Tag Archives: A Testament of Devotion

Dead Worship or Vibrant Life?

Worship created a controversy for the prophets of the Old Testament. The Lord God had instituted temple worship during the reign of King Solomon. The temple in Jerusalem had various rituals like animal sacrifices and pray incense which had roots from the time of Moses and the Exodus. The Israelites were expected to worship God in the temple on a regular basis and many did.

However the prophets spotted a major problem in worship. It had become empty rituals that did not transform the lives of the worshippers. The prophet Isaiah spoke against such abuses,

What to me is the multitude of your sacrifices? says the Lord;
I have had enough of burnt offerings of rams
and the fat of fed beasts.
Trample my courts no more; bringing offerings is futile;
your appointed festivals my soul hates;
they have become a burden to me,
even though you make many prayers, I will not listen;
your hands are full of blood. (Isaiah 1:11-15 abridged)

Worship had not transformed God’s people into agents of God’s peace and healing for the world. The prophet’s words can be a critique of us today. Has our worship service turned us into servants of God? Do we expect to encounter the living God at worship and be changed?

I have been using Thomas Kelly’s book, A Testament of Devotion, in my personal devotions. He speaks to the transforming power of prayer, but sees it as not our work, but God’s great work within us.

We may suppose these depths of prayer are our achievement. But this humanistic account misses the autonomy of the life of prayer. This inner life has a life of its own, invigorated not by us but by a divine Source. . . . Our prayers are mingled with a vaster Word, a Word that at one time was made flesh. We pray, and yet it not we who pray, but a Greater who prays in us. In a holy hush we bow in Eternity, and know the Divine Concern tenderly enwrapping us and all things within His persuading love. Here all human initiative has passed into acquiescence, and He works and prayer and seeks His own through us in exquisite, energizing life. (p. 45, abridged)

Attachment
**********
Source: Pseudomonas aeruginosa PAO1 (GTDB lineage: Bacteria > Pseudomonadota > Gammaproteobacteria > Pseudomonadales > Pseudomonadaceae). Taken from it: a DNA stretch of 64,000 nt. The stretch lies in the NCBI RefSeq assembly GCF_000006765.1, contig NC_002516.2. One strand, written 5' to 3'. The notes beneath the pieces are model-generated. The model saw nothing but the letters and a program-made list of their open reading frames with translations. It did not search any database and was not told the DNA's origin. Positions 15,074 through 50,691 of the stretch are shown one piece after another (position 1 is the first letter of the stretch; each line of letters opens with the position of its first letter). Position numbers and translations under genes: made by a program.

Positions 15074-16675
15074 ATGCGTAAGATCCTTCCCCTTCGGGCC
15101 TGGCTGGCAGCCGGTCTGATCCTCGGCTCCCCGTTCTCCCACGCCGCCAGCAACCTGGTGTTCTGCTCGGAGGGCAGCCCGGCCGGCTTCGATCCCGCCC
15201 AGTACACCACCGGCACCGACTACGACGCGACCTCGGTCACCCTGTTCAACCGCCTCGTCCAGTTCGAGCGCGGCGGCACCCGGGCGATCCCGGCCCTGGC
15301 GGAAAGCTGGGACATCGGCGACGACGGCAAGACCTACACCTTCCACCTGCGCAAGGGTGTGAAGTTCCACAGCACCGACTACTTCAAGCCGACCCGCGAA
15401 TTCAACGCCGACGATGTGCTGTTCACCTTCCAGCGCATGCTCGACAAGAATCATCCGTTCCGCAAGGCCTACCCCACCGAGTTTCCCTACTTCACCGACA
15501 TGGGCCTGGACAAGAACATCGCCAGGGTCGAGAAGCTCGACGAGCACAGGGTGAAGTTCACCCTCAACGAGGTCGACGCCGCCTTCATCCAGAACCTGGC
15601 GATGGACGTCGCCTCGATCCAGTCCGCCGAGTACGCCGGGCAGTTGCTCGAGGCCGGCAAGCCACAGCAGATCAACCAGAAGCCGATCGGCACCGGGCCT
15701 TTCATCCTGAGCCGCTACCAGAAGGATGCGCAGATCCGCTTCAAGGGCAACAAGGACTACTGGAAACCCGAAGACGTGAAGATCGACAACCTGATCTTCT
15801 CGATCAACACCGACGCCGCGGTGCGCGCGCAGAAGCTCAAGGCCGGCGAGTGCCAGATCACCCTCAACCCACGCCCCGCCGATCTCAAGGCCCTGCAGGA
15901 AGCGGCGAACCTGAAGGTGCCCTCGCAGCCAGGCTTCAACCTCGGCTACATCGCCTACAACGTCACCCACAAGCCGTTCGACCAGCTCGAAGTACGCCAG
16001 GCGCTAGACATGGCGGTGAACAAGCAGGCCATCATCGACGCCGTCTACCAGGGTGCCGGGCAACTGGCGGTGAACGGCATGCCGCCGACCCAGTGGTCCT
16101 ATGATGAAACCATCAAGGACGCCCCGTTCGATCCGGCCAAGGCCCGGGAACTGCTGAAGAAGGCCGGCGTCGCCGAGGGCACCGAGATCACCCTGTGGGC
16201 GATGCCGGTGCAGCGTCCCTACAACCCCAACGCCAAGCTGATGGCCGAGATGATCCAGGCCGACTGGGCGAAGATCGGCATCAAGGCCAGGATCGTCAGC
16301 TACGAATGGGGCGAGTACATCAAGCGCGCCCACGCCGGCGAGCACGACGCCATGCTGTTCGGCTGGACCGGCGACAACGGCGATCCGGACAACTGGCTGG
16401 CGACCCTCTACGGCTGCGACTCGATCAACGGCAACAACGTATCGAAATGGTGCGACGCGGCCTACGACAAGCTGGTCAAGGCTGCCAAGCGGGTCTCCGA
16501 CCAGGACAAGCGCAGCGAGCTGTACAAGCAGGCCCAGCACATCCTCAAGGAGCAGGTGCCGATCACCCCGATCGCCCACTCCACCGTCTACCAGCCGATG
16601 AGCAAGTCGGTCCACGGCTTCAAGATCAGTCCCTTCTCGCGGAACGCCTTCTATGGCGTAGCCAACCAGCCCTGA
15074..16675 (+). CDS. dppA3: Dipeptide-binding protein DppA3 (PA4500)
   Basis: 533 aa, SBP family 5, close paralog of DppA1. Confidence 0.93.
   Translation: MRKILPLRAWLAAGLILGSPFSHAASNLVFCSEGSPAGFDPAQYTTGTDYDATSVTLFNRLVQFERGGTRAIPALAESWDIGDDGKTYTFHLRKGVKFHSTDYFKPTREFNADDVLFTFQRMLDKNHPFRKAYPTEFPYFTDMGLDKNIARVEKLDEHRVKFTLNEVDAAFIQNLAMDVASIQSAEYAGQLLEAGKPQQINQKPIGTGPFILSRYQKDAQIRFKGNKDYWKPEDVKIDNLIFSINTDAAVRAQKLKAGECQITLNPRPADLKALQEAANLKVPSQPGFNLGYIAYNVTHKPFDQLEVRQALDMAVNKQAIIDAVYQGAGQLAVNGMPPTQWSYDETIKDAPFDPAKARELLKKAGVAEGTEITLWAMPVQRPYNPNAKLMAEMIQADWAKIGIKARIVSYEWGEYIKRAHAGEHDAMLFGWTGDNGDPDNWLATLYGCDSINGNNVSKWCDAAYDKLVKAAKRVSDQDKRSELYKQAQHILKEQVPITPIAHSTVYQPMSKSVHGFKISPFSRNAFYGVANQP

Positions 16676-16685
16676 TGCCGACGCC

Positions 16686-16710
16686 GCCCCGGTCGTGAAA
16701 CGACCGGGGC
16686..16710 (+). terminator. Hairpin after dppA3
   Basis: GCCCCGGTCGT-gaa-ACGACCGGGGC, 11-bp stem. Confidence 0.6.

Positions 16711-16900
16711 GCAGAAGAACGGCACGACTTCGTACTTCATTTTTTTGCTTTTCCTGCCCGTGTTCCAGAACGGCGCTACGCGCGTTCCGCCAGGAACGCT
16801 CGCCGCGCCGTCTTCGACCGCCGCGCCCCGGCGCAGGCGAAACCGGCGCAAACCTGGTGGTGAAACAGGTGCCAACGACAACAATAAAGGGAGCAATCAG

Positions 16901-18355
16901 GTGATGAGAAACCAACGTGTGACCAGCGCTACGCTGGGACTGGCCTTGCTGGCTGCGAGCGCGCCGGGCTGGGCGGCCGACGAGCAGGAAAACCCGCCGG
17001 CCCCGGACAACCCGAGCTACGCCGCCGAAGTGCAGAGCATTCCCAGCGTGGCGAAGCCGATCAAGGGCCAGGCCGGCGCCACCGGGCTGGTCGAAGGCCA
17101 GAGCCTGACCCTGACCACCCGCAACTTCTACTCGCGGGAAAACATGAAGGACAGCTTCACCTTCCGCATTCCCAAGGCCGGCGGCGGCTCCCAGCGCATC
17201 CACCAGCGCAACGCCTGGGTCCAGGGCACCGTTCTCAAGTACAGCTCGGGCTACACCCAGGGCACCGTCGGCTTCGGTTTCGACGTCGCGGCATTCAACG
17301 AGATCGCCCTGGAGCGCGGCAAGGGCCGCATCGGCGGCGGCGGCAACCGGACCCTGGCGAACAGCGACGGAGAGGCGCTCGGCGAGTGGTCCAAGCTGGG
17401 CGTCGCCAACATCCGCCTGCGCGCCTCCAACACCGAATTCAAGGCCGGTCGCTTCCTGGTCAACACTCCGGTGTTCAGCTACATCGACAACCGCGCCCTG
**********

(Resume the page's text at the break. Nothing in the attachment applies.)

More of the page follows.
Now that is a description of the Vibrant Life of Faith in Christ.

Lord Jesus, turn my tired, routine prayers and worship into a joyous dance with your Spirit.

Sanctuary Light

On Sunday, our Biblical focus will be King Solomon’s building and dedicating the temple in Jerusalem. His father, King David, had wanted to build a temple, but through the prophet Nathan, God instructed him to wait.

Thus says the Lord: Are you the one to build me a house to live in?  I have not lived in a house since the day I brought up the people of Israel from Egypt to this day, but I have been moving about in a tent and a tabernacle.  Wherever I have moved about among all the people of Israel, did I ever speak a word  saying, “Why have you not built me a house of cedar?” (2 Samuel 7:5-7)

The temple was a mixed blessing to Israel. Like many beautiful cathedrals it provided a place for the worship of God to flourish. Awe and wonder could be expressed in multiple ways within its walls. The book of Psalms captures some of the beauty of that magnificent structure.

One thing I asked of the Lord, that will I seek after: to live in the house of the Lord all the days of my life, to behold the beauty of the Lord, and to inquire in his temple. Psalm 27:4

But as I mentioned in yesterday’s post, the danger of a fixed structure is that we compartmentalize God’s activity and restrict God’s presence to the “box on the hill.” A temple, church or cathedral should draw us into the wondrous presence of God yet also send us out renewed and refreshed to be God’s people in the world. The light of Christ is to shine both inside and outside the sanctuary.

I have been rereading Thomas Kelly’s A Testament of Devotion.  A Quaker, Kelly testifies to how the light of prayer is to be transformative wherever we are:

A practicing Christian must above all be one who practices the perpetual return of the soul into it inner sanctuary, who brings the world into its Light and rejudges it, who brings the Light into the world with all its turmoil and it fitfulness and recreates it (p. 35).

Having worshipped in a simple Friend’s Meeting House, I know that it was not the magnificent space that inspired Kelly’s deep conviction, but rather the Light in the people who gathered to listen and be in the Light. The Light calls us together where we amplify its wavelength in community but then the Light directs us back into the world. Our meeting places are to be launch pads.

Lord Jesus, let your light shine in me.